If music is the universal language, it probably explains how a nice Swedish boy grew up to have his very own rockin’ Blues band.
Claes (pronounced KLAWS) Almroth was born in Sweden and raised in the San Francisco Bay Area in the 60’s and 70’s, where Psychedelic and Blues were part of the San Francisco Sound. Says Claes, “I grew up listening to the Blues and had an older brother who turned me on to a lot of great music.”
Fast forward to the early 90’s when Claes moved north, making his home in Portland and forming The Claes Almroth Trio. The band has been performing as a group for the past 5 years. In addition to Claes, who plays keys, harmonica, and vocals and writes music, the band also includes J. Michael Kearsey -bass and vocals; and Houston Bolles – vocals and electric guitar. Houston tags out with Whitney Draper when the band plays at Mock Crest Tavern.
“One thing that is different about us,” says Claes, “is that we don’t have a drummer. So the challenge for us to to make Blues and Rock without a percussionist. With three singers in the band, we think we’re making it work out pretty well.”
That, as they say, is an understatement. The band has a very loyal following, filling out the Yukon and Mock Crest whenever they perform.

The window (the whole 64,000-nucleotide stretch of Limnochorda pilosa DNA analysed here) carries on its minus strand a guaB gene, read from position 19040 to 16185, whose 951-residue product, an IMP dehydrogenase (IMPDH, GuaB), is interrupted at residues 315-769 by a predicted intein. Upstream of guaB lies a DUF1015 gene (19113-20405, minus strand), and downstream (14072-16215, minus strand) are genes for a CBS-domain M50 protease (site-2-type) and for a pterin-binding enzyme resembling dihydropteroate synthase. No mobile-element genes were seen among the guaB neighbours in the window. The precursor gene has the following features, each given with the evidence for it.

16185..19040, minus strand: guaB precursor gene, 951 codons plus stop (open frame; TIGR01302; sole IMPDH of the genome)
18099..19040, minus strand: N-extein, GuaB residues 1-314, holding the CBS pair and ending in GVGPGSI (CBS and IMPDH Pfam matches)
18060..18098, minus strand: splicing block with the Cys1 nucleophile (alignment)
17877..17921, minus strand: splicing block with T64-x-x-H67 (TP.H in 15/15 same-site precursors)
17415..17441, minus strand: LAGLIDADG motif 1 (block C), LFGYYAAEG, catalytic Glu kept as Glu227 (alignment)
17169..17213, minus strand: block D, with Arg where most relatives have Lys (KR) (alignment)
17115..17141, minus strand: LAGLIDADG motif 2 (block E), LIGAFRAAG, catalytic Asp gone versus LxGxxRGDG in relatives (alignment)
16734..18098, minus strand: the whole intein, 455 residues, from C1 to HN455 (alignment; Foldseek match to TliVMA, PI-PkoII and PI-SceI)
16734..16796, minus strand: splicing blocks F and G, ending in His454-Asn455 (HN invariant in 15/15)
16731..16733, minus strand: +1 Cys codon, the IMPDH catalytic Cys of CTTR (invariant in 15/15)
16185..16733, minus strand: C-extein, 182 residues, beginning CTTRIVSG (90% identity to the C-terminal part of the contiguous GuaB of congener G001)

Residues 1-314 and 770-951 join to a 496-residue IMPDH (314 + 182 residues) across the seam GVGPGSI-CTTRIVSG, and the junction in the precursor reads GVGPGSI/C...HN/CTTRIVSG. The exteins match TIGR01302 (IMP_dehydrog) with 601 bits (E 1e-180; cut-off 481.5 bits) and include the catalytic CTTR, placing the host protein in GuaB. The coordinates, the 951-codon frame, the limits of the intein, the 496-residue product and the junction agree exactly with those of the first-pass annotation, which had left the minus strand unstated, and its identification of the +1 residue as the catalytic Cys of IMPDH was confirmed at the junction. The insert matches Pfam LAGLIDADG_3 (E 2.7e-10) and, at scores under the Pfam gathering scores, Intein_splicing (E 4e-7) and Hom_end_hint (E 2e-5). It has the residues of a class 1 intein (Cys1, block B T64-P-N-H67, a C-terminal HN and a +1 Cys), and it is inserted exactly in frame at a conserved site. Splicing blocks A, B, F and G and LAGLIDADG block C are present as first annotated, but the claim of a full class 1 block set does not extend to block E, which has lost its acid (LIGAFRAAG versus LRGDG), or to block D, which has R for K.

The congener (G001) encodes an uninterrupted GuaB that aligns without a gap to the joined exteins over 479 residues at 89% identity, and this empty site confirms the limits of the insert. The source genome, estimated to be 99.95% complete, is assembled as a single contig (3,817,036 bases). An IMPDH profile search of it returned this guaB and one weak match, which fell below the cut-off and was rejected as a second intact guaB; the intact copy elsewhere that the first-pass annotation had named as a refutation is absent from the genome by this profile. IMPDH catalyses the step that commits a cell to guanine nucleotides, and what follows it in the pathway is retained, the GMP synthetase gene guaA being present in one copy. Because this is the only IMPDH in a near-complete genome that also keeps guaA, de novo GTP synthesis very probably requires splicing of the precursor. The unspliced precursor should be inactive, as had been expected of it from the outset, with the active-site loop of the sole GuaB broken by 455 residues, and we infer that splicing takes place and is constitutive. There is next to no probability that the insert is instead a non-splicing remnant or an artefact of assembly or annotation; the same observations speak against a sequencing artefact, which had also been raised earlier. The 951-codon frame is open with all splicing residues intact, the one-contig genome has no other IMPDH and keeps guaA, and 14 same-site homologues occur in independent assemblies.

Claes and his bandmates have a warm spot in the hearts for Mock Crest and the Yukon. “Jon and Rainer are really fair to the musicians,” says Claes, “and the staff is great at both venues. The Yukon crowd seems to be growing each month, and it’s really exciting to be a part of that.”
Followers of the band will be happy to hear that Claes and his bandmates are the process of building a recording studio. “We’ll have a recording coming out soon,” says Claes, “which will be a first for the Claes Almroth Trio.”
If you can’t wait until then, you can catch a listen of the band here.
Music runs in the Almroth family. Claes has two daughters who are musicians. One, who lives in Sweden, has her own Punk band, and has toured worldwide throughout South America and China.
Like I said, music is the universal language.